There’s a scene in the 2016 movie Miracles from Heaven that’s probably all too familiar for some Dry Eye patients. When 5-year-old Anna Beam goes to the ER for the umpteenth time with stomach pains, the doctor says it’s acid reflux. Anna’s mother, frustrated to no end by what she knows to be yet another wrong diagnosis, demands that the doctor run more tests because she’s not leaving until she knows, for certain, what’s wrong with her daughter. It turns out not to be acid reflux at all.
Medical research doesn’t always bet on the right horse, but medical research is what doctors rely on to inform the care they provide. Not that long ago eggs were the enemy. So was fat of any kind. Now we know that the decades-old study starting the trend that demonized fat was sponsored by, of all things, the Sugar Research Foundation (SRF).
Fat vs. Sugar
According to Sugar Industry and Coronary Heart Disease Research: A Historical Analysis of Internal Industry Documents, the SRF funded a literature review that was published in the New England Journal of Medicine back in 1965. That paper
singled out fat and cholesterol as the dietary causes of coronary heart disease (CHD) and downplayed evidence that sucrose consumption was also a risk factor. The SRF set the review’s objective, contributed articles for inclusion, and received drafts. The SRF’s funding and role was not disclosed. Together with other recent analyses of sugar industry documents, our findings suggest the industry sponsored a research program in the 1960s and 1970s that successfully cast doubt about the hazards of sucrose while promoting fat as the dietary culprit in CHD.
What does this say about studies funded by industries in other fields? Remember how the tobacco industry convinced doctors to prescribe cigarettes for anxiety in the 50’s and 60’s?
You can’t help but wonder about the results of studies sponsored by companies, and other stakeholders, that make the products they’re studying. Can we really believe there’s no conflict of interest? Can we know, for certain, that important data isn’t suppressed?
Finding it Hard to Trust Your Doctor
The Harvard sugar study isn’t the only example of medical research, and consequent medical care, that touts questionable, or outdated, facts. Regardless, these studies are what many doctors use to inform the care they provide. But when the studies aren’t good, or up to date, you might not get the care you need.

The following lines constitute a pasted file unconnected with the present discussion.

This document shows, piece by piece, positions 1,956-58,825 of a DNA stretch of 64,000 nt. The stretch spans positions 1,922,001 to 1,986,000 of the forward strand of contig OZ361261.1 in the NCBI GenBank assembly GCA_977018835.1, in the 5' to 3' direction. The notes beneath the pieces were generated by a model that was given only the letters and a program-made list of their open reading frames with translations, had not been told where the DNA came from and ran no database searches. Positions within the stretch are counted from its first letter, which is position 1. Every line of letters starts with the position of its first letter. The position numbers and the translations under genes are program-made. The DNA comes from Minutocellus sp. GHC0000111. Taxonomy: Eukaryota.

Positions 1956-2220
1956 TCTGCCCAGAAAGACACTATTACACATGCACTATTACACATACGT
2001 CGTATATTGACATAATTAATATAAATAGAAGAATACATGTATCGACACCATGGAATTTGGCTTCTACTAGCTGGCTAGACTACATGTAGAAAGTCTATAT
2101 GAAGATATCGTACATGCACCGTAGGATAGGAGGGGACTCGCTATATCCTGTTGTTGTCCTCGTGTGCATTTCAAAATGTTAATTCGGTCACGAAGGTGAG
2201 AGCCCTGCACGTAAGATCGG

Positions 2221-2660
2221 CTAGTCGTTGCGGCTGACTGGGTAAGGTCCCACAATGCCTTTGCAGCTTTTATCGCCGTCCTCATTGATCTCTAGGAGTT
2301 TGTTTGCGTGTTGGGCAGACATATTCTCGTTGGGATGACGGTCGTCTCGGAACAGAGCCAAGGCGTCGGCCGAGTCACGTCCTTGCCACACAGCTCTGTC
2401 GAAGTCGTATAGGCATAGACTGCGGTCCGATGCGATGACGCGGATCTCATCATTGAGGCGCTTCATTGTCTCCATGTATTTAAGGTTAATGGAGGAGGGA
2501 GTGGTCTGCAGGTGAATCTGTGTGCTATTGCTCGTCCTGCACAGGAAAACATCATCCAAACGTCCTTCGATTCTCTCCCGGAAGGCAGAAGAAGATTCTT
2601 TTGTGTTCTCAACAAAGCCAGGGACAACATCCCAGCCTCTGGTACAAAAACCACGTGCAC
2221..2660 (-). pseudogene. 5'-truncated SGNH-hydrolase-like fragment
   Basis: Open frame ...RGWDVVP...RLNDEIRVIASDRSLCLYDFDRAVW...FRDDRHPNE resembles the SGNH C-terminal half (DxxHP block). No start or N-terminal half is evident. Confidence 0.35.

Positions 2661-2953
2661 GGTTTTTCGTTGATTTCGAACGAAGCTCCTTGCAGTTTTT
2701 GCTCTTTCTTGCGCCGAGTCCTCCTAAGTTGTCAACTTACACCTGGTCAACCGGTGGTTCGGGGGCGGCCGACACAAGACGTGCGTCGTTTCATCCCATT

And then, bewildered, you might even end up finding it hard to trust your doctor, the way Anna’s mother did. It happens to Dry Eye patients all the time, especially to those of us who’ve gone from doctor to doctor to doctor, first just seeking care, and then later a “miracle.”
A Miracle for an Insurmountable Problem
But why does it have to get to that — seeking a miracle? Why does getting help for Dry Eye suddenly become an insurmountable problem?
We’re not really sure.
But maybe it’s because doctors aren’t experienced in treating Dry Eye and meibomian gland dysfunction as a unit, with a truly comprehensive approach to managing the signs and symptoms of these diseases.
Take for example the American Academy of Ophthalmology’s guidelines for these two conditions that often co-exist and overlap: Dry Eye and blepharitis. The academy publishes one Preferred Practice Pattern (PPP) for Dry Eye Syndrome and another PPP for blepharitis.
If a doctor refers to one, but not the other, the picture won’t be complete. It’s not that the guidelines are inaccurate per se (although they’re already out of date having been published in 2013 — a problem in itself). It’s that individually they’re not comprehensive enough to cover anything and everything that might be going on. One document just doesn’t go deep enough to describe all of the possible underlying or co-morbid conditions, and the latest effective treatments.
As a result, the care you receive could be inadequate. And so in addition to not feeling better after seeing who-knows-how-many doctors, you’re now finding it hard to trust your doctor, even a really good doctor, and maybe even the entire medical profession.
And that’s a fundamental problem. Because we need to trust our doctors, good doctors, who diagnose and treat us, so we don’t have to wait for miracles like little Anna Beam.
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